Dave McClure: quotable PG @YCombinator "... (88) Startups: How do you beat the network effect. Pre-network effect startups have I a Catch 22 situation: how do you have activity without users and how can you make users stick if there's no activity.
I've analyzed this problem extensively and write regularly about it but here are a few things that come to mind: 1) Create tools of self-expression which are really easy to use: No matter what your platform does, users should be able to create something there which they would want to spread. A user may not want to spread the word about your platform but would definitely want to spread the word about what she created on it. E.g. Youtube grows everytime a video goes viral because users personally invest in marketing it. 2) Target a micro-universe: You said it yourself, you want early sophisticated users. 3) Widgetify: Be shareable and embeddable: OK, that's 3 awkward words in one sentence but here's the thing.
Apologies for the many different links. » How to launch a new product Calacanis. Location: CalaCompound, Brentwood, CA Monday, December 22nd, 5:50PM PST.
What's the best launch strategy for a web startup. The best launch is if you have a product that other people like using so much that they tell other people about it.
There is no real way to get around that. I've seen it over and over again. Companies that get lots of PR, like Color, end up really sucking in the marketplace, but other companies, like Instagram, end up taking off like a rocket and never slowing down. (3) If I know that my site will go very viral no matter what, should I launch quietly or with a press blast. Remember, you probably are wrong. Marketing, startups and the importance of achieving a lot with a little (for startups) « The Equity Kicker. Over the weekend I was talking with an early stage VC about how much traction he likes to see in a company before he invests (answer: enough to have some confidence that the product works, the go to market works and there is some demand).
Subsequently I was thinking through how companies would get themselves to that stage without needing the sort of funding he provides. There are a number of answers of course, including true seed stage friends and family and angel funding, but the most important answer to to find a way to achieve a lot with a little. This morning I have been reading through Fred Wilson’s three recent posts on marketing and the responses from Alan Patrick and randfish of seoMOZ which discuss the pitfalls, benefits and likely trends in marketing spending at startups and I have been thinking back to my conversation of the weekend.
Marketing and The Bubble. Rand Fishkin has a good post in response to my marketing posts over the past two days.
In it he makes this assertion: For the first few years that I was in the "web world," 1997-2001, there was a dangerous and obvious bias in startups toward sales and marketing – and branding in particular. But, in the past few years, that pendulum has swung to the equally dangerous paradigm that product is everything. The marketing challenge for startups.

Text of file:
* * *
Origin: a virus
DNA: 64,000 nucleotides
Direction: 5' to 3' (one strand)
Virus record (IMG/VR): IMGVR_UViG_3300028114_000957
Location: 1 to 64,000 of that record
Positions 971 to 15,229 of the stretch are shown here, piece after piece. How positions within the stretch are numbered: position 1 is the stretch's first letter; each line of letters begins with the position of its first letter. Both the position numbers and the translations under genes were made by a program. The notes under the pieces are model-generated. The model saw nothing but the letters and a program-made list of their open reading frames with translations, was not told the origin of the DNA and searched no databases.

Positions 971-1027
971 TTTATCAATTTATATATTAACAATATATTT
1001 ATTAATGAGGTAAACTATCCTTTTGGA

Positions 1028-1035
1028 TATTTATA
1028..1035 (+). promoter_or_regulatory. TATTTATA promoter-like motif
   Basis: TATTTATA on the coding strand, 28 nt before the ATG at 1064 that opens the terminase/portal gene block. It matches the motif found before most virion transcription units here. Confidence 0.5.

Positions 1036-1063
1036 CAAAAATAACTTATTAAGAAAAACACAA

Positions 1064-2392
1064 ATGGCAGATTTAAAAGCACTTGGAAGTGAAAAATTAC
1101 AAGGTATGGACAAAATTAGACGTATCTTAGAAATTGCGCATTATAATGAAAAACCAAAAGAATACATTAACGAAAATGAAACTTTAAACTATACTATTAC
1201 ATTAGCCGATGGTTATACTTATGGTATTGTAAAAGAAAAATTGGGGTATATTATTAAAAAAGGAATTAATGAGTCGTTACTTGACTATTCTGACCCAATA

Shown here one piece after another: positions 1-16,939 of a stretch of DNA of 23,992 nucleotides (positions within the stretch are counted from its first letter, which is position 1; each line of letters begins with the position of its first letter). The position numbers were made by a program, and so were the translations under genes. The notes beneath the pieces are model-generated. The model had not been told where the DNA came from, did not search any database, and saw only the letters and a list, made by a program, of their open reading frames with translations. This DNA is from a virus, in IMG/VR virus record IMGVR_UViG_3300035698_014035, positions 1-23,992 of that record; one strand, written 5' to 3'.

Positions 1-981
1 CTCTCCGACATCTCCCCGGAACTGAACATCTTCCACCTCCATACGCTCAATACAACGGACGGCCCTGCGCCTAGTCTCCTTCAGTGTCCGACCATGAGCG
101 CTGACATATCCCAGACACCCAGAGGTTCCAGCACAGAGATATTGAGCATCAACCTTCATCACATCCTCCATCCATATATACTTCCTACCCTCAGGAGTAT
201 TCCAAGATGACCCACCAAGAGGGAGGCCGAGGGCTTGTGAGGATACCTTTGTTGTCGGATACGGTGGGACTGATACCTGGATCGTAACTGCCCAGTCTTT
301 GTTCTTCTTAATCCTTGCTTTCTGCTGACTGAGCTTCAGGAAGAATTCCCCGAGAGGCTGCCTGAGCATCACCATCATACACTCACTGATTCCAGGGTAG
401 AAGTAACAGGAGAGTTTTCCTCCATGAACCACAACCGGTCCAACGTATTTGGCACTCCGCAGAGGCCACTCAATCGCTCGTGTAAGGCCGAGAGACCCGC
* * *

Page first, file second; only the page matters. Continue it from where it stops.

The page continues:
Watch this video with Indinero’s founder, Jessica Mah. She’s 20 years old. I’ve known her since she was 16 and she’s always been an aspiring entrepreneur. But look around the house that the co-founders all share. Five geeks sharing rent in Silicon Valley. Keeping expenses down. Why not stay in the small house? Well, the marketing challenge for a startup is to appear big. So, look at the other ways that Indinero appeared big in the past few weeks. 1. All this is covered on CrunchBase, too. How else can a small, scrappy, startup appear big? On the other hand, I love startups when they are small. Milestones to Startup Success. Update added to end of post When your startup accepts outside money (such as venture capital), you are obligated to focus on maximizing long-term shareholder value.
For most startups this is directly based on your ability to grow (customers, revenue and eventually profit). Most entrepreneurs understand the importance of growth; the common mistake is trying to force growth prematurely. This is frustrating, expensive and unsustainable – killing many startups with otherwise strong potential. Most successful entrepreneurs have a good balance of execution intuition and luck. The 5 Minute Guide To Cheap Startup Advertising. The following is a guest post by Rob Walling.
Rob Walling has been an entrepreneur for most of his life and is author of the book Start Small, Stay Small: A Developer's Guide to Launching a Startup. He also authors the top 20 startup blog Software By Rob, that's read by tens of thousands of startup entrepreneurs every month and he owns the leading ASP.NET invoicing software on the market in addition to a handful of profitable web properties. Imagine that you've just completed version 1 of your product and you're preparing for launch. You’ve greased the wheels with a few bloggers, targeted some keywords with SEO, created a bit of linkbait, and scheduled the press release to launch in the morning.